June 20, 2010

Canada: Tax Haven for Big Capital

(The following article is from the June 1-15, 2010 issue of People's Voice, Canada's leading communist newspaper. Articles can be reprinted free if the source is credited. Subscription rates in Canada: $30/year, or $15 low income rate; for U.S. readers - $45 US per year; other overseas readers - $45 US or $50 CDN per year. Send to: People's Voice, c/o PV Business Manager, 706 Clark Drive, Vancouver, BC, V5L 3J1.)

PV Vancouver Bureau

For years, right-wing think tanks, politicians and corporate media hacks have complained that business taxes are "too high" in Canada, supposedly driving away investors and jobs. But a recent study from the business sector prove the opposite: Canada is the second lowest taxation country in the developed capitalist world.

If corporate income tax rates were restored to the 2001 level (28%), an estimated $30 billion more would flow into the federal treasury this year. That could provide desperately needed funds to expand social programs, extend and improve employment insurance, build low-income housing, protect the environment, and tackle other critical issues.

Instead, massive tax breaks for the corporations and the rich are adding to the burden on working families. Federal taxes on corporate profits are now at just 17%, heading to 15% by 2010 under the Harper Tories.

Canada ranks second to Mexico and far ahead of the U.S. on a list of "tax-friendly countries for business", according to a report released on May 12 by accounting firm KPMG. Netherlands is ranked third, followed by Australia, United Kingdom, USA, Germany, Italy, Japan, and France.

In general, businesses in Mexico pay 40.1 per cent less tax than those in the U.S. Taxes in Canada are 36.1 per cent lower, or more than one-third. At the other end of the spectrum, corporate taxes are 81.4 per cent higher in France than the U.S.

Canada's low corporate taxes are "a huge competitive advantage when companies decide where to set up shop," according to Greg Wiebe of KPMG's Toronto office.

"Business has the ability to set up manufacturing, distribution plants, and offices anywhere in the world depending on where it makes sense. Having a competitive corporate tax rate hopefully allows you to attract more business and investment into the country which creates jobs," Wiebe claimed. "We're a small country and have a relatively small economy. We need to take advantage of anything we can to attract business into this country."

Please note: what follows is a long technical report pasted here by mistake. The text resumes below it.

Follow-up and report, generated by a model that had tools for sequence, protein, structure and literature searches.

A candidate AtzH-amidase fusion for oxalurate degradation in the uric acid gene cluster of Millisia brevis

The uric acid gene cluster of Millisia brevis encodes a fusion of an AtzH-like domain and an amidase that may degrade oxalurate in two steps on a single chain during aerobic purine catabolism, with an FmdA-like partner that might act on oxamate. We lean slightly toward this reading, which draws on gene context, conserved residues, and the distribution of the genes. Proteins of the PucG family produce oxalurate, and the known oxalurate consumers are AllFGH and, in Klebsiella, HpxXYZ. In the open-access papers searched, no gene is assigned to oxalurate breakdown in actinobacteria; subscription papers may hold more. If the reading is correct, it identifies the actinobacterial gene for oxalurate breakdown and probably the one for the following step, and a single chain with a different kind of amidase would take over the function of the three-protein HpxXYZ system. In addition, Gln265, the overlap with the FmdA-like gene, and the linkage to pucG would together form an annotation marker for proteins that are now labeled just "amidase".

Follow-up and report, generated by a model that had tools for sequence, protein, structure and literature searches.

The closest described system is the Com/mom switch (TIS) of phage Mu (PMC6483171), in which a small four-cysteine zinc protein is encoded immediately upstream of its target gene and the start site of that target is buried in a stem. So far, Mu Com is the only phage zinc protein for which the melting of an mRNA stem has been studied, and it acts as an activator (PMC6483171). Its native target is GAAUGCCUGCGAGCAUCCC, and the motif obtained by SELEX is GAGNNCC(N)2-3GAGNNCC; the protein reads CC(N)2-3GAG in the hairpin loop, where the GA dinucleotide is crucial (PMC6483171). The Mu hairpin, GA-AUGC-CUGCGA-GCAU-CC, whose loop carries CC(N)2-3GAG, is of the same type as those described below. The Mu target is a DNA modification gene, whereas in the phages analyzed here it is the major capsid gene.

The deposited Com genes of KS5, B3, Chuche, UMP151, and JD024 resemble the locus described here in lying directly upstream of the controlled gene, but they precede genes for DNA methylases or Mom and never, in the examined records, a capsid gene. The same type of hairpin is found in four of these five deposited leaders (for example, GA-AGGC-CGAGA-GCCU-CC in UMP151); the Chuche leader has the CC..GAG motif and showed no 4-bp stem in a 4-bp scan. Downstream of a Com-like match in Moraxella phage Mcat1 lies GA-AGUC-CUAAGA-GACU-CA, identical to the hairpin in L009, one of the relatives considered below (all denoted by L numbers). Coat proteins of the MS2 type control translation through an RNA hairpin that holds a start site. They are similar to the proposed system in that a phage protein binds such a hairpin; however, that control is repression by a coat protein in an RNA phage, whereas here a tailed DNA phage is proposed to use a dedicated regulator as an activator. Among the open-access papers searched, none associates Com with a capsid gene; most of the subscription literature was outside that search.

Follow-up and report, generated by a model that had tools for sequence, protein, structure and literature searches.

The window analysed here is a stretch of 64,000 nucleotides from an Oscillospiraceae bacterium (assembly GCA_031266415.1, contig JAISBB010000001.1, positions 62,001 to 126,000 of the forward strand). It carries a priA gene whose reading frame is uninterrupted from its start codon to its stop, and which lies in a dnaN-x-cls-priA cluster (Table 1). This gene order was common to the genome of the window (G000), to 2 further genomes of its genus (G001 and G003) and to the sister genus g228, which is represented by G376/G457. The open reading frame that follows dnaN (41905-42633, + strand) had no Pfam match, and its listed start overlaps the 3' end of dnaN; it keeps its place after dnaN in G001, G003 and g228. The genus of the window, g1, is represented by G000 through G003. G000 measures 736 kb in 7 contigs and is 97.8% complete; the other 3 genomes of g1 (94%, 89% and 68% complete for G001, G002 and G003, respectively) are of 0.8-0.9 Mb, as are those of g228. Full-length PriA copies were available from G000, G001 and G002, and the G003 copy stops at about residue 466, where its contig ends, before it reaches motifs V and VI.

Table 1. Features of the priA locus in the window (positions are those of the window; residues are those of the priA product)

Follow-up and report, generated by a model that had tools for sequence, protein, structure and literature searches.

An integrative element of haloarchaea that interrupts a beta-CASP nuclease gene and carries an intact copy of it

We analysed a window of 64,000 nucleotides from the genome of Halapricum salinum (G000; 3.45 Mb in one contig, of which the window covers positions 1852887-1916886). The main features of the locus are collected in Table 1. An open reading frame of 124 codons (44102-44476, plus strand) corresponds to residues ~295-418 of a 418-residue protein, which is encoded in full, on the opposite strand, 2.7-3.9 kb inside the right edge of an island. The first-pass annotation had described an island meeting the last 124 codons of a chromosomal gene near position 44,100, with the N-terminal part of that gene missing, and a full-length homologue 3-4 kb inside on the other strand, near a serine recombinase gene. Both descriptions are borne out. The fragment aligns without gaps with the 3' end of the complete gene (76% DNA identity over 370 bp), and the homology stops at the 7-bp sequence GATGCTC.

Wiebe and KPMG did not address the negative impact of declining tax revenues on social spending in Canada.

The KPMG report tallies up the cost of income tax, capital, sales, and property taxes, as well as miscellaneous local taxes and statutory labour costs, in 95 cities across 10 countries. The U.S., the largest economy in the world, is used as a baseline.

While personal income taxes and sales taxes are still higher in Canada, payroll taxes have been reduced, capital taxes have been phased out, and corporate tax rates have been falling in recent years. Canada's overall federal and provincial corporate tax rates are approaching 25 per cent. The U.S. federal tax rate for business starts at 35 per cent, and state tax rates vary.

And the breaks for the business sector will keep coming with the so-called "harmonised sales tax" to be implemented on July 1 in Ontario and British Columbia. The HST "is likely to enhance Canada's standing in the coming years," Wiebe said. "The HST is quite a business friendly way of applying a sales tax."

In fact, the HST is not actually a tax in the traditional sense. Consumers will pay the HST directly to businesses; none of the HST will go towards government revenues, despite considerable and deliberate misinformation spread by the corporate media and right-wing politicians. One "theory" advanced by these forces is that taxpayers will ultimately benefit from larger taxes paid by the companies which benefit from the HST, but since corporate tax rates are being slashed dramatically, even this "trickle-down" effect is doubtful. What is certain is that the HST will immediately transfer huge amounts - $1.9 billion annually in the case of British Columbia - from consumers to businesses. Working people who can least afford this shift will be hit the hardest.

Canadian municipalities are also leaders in cutting corporate taxes at the local level, according to the KPMG study.

Vancouver is rated the lowest-tax city on the list; its U.S. neighbour Seattle is ranked number 18. Nor is that likely to change under the Vision majority on Vancouver city council, which claims to be "pro-people." A huge shift of Vancouver municipal taxes is underway, away from businesses and onto homeowners.

Montreal and Toronto are in the top five for lowest corporate taxation, far ahead of eastern U.S. cities such as Boston (13), Philadelphia (14) and New York (27).

Low provincial taxes in British Columbia helped boost Vancouver to the top of the list, according to KPMG, which deems the city highly attractive "tax-wise" for manufacturing and corporate and information technology companies.

For research and development, Montreal ranked as the top Canadian city, taking the No. 2 spot behind Melbourne, Australia. Sydney (Australia), Vancouver, and Manchester (U.K.) filled out the top five.

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